We posed the question 'Who was Adam?' and saw that features of the account - animal husbandry and the early mention of cultivation, the appearance of 'cities', the problem of Cain's wife and his fear that others would attack and kill him - suggest the presence of other people contemporary with those described in early Genesis, and a Neolithic background. That said, we noted that Adam and Eve - whether a specific couple or a representative description of early humanity - have a special place in that they were evidently the first people to be allowed to enter into a covenant relationship with God.
If we read the early chapters of Genesis in an other than literal way, we can reject the false choice that both the fundamentalists and the atheists would like to force upon us - a choice between science and faith, one or the other. The tragic result of imposing that choice on people is that many are turned away from faith altogether. The truth is very different: it is that science AND faith, evolution and a God who's behind it all, are quite compatible.
Once we have moved on from a simple literal reading of Genesis, the real grandeur of the narrative becomes clearer. We see the wonderful panoply of the natural world, coming into existence under the sovereignty of an all-powerful God Who transcends our space and time: a God in whose sight creation culminates in humankind with the capacity to know Him, the opportunity to love and obey Him, and the potential to be united with Him as creation fulfils its destiny. In the words of Sheila Harris[xvi]:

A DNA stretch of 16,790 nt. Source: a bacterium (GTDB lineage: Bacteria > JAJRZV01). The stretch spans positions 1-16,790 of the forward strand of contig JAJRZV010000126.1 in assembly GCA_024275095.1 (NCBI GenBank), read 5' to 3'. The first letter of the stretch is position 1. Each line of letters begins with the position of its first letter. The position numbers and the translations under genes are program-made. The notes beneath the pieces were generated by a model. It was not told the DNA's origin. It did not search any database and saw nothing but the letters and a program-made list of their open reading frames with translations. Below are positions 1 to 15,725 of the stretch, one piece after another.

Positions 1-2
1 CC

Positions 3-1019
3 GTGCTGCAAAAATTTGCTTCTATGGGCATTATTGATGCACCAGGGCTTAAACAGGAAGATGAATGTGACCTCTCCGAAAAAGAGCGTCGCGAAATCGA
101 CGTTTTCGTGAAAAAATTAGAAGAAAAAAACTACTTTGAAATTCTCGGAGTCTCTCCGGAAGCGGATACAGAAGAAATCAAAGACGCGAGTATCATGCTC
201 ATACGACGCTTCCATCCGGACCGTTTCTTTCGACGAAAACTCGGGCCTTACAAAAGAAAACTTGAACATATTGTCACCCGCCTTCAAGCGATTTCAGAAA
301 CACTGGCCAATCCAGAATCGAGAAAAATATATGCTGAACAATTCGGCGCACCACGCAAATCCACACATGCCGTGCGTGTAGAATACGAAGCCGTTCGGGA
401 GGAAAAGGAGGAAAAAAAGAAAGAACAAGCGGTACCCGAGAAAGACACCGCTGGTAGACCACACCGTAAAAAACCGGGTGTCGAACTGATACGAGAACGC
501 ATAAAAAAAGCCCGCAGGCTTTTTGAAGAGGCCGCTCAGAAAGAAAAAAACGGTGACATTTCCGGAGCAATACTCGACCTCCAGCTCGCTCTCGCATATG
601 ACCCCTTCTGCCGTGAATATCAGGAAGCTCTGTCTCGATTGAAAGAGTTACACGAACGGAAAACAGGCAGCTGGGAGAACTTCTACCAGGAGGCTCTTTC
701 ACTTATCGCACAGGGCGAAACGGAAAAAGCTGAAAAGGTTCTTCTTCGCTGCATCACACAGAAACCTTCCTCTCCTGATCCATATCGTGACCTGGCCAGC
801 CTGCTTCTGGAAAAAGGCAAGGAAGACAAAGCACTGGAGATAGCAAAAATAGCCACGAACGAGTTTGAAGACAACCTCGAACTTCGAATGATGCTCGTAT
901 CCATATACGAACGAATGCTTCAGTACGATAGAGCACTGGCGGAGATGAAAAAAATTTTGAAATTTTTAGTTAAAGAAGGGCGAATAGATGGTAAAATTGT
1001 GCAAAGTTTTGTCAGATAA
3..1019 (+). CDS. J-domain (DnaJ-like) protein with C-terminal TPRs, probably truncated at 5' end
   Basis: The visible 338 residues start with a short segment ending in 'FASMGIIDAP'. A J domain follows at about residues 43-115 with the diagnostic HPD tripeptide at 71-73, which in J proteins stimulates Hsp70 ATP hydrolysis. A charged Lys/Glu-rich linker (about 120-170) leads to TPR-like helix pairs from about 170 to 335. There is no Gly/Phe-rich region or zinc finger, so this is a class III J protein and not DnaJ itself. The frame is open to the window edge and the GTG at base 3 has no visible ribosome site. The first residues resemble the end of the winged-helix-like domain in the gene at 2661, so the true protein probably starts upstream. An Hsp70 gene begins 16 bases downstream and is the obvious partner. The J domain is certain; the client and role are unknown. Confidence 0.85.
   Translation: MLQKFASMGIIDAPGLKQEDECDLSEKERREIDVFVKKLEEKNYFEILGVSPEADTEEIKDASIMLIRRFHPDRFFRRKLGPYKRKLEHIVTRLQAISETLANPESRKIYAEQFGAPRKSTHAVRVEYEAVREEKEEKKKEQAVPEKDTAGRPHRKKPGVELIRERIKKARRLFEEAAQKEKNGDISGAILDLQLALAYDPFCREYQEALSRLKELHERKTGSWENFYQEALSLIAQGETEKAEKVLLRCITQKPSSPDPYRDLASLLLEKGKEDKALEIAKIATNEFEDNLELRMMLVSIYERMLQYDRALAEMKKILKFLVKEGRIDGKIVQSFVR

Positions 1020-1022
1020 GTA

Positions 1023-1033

"Genesis chapter 1 is the glorious panoramic vision of God's whole purpose in creation, from the darkness of chaos to the final consummation of God's glory, manifested in a people who reflect His image, male and female, Christ and his bride. It is a paean of praise to the Creator, structured after the pattern of a week of worship culminating in the Sabbath when God may finally rest from His labours, His work accomplished."